LOS ANGELES--(BUSINESS WIRE)--An Albuquerque, N.M.-based startup company, Dynamic Photonics, Inc., has developed an avalanche photodiode technology solution that will significantly increase the speed of fiber optics-based communications with far less distortion and much lower cost than current technologies. The company’s Dynamic-Bias Enhanced Avalanche Photodiodes (DBE-APD) technology makes its debut this week at the OFC Technical Conference and Exposition, the largest global gathering for optical communications and networking professionals, March 24-26 in Los Angeles.
An avalanche photodiode—known as APD—is a highly sensitive semiconductor electronic device that converts light into electricity. For years, the photonics industry has struggled to meet the demands of the exponential growth in voice, data, video, and mobile device over the Internet. The trillion-dollar telecommunications industry has targeted 40Gbps and 100Gbps protocols for fast, distortion-free data transfer, but has failed to find a cost-effective commercial solution despite a now critical need.
Dynamics Photonics CEO Robert Efroymson has announced that his company has the solution: patent-pending, high-sensitivity APD fiber optics technology that has been tested and verified by a second laboratory to have the potential to successfully achieve the desired 40Gbps protocol, while reducing bit-error rate and doing so at a fraction of the cost of current high-speed optical receivers on the market.
“Our DBE-APD technology is the first dynamically biased APD for high-speed, direct-detection optical communication,” said Efroymson. “We have the unprecedented opportunity to achieve 100-Gb/s and 400-Gb/s Ethernet systems that will, at a minimum, make long-haul 40Gbps per channel links in core and metropolitan area optical networks more robust in sending high-speed, clearer signals.”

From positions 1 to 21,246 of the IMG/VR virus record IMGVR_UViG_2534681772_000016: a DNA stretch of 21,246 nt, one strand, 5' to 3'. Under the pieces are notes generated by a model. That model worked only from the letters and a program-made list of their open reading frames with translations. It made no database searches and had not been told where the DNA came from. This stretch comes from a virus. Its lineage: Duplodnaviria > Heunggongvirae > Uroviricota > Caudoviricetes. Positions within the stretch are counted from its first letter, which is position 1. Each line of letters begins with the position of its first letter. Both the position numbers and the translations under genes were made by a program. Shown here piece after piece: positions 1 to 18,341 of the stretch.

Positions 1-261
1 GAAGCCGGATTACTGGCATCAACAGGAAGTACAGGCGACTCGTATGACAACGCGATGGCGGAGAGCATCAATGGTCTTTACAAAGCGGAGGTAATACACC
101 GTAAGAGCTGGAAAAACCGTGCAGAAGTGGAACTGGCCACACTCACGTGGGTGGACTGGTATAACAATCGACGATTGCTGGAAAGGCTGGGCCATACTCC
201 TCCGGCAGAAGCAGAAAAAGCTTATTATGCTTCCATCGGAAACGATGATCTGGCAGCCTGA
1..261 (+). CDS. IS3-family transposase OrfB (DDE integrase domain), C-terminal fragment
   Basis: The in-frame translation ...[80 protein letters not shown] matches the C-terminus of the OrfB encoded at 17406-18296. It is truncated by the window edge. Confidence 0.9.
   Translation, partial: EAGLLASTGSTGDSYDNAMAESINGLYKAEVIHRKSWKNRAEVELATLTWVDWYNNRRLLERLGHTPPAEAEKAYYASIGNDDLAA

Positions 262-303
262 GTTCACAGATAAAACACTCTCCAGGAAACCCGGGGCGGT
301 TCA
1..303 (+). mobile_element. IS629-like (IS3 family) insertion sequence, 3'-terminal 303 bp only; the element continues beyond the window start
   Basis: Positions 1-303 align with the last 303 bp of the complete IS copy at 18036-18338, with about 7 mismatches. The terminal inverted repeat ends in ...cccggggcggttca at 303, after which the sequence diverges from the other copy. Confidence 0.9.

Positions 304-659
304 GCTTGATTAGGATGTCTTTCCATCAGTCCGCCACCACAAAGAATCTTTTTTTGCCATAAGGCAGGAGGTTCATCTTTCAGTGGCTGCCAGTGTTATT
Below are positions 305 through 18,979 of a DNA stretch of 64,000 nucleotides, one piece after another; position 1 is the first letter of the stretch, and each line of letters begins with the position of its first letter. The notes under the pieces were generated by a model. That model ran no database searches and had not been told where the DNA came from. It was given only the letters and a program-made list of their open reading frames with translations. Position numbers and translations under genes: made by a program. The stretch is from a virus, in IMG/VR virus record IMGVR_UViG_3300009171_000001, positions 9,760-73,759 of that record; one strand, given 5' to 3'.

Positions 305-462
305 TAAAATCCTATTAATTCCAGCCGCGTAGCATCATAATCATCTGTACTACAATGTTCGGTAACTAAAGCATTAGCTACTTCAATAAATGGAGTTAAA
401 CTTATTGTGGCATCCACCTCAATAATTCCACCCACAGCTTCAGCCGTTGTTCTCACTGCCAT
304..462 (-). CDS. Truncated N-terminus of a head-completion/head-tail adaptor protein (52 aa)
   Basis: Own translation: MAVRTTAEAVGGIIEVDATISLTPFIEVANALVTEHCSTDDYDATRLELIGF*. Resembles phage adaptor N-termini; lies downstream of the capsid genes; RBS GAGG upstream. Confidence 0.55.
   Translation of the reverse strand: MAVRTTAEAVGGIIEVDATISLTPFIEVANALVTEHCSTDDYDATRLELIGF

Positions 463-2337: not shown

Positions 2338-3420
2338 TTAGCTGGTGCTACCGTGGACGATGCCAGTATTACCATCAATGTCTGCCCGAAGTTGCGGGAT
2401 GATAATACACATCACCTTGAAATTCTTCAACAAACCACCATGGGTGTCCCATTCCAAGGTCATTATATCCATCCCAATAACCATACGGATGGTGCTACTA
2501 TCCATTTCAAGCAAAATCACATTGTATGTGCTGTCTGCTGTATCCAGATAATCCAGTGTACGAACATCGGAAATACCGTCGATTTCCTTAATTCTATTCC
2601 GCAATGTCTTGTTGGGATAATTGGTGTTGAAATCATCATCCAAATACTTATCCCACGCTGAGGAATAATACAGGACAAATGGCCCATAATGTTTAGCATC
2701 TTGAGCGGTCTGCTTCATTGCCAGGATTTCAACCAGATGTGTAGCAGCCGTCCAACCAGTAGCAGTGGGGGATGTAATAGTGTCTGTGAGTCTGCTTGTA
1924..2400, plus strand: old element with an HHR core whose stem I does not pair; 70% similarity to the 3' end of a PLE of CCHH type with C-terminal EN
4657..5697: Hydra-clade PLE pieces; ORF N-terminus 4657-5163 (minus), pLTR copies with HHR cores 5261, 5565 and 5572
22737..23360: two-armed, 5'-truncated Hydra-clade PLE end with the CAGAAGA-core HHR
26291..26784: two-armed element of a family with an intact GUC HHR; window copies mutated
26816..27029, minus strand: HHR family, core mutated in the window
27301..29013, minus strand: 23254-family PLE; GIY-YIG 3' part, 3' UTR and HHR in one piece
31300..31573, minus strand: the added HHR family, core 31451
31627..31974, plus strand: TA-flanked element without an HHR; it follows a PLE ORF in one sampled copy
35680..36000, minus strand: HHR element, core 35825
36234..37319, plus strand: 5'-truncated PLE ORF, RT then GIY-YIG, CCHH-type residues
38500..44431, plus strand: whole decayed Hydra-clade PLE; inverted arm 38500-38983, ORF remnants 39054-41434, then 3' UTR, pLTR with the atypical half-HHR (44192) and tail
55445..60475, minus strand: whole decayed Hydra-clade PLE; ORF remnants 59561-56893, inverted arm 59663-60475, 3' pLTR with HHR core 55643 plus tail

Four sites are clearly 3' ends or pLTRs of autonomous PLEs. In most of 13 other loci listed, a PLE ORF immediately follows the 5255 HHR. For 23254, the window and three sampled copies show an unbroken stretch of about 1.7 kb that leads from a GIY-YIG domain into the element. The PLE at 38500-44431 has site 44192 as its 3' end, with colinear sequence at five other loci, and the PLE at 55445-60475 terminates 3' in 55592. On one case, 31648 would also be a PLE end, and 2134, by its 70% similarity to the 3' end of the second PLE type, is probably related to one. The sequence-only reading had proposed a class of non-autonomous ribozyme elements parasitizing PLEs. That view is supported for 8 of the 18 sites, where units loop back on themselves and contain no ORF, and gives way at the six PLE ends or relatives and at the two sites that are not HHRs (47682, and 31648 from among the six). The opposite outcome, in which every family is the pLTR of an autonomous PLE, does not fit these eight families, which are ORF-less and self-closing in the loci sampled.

Efroymson added that in the near future Dynamic Photonics’ APD can be adopted to provide optical communication using alternate high-efficiency modulation schemes such pulse-position or pulse-width modulation. It may also achieve the “holy grail” of high-speed local area networks that provide fiber to the home using advanced photonic switches.
Dynamic Photonics’ technology was co-developed by Majeed Hayat , Ph.D., and Payman Zarkesh-ha, Ph.D., of the University of New Mexico (UNM); and Joe C. Campbell, Ph.D., University of Virginia. The company licensed two technologies developed at UNM, and has two technologies developed and owned by Dynamic Photonics.
The 40-year, industry-leading event, Optical Fiber Communication Conference and Exposition generates worldwide attendance, attracting the biggest names in the optical networking and communications field to network, identify trends and launch new technologies.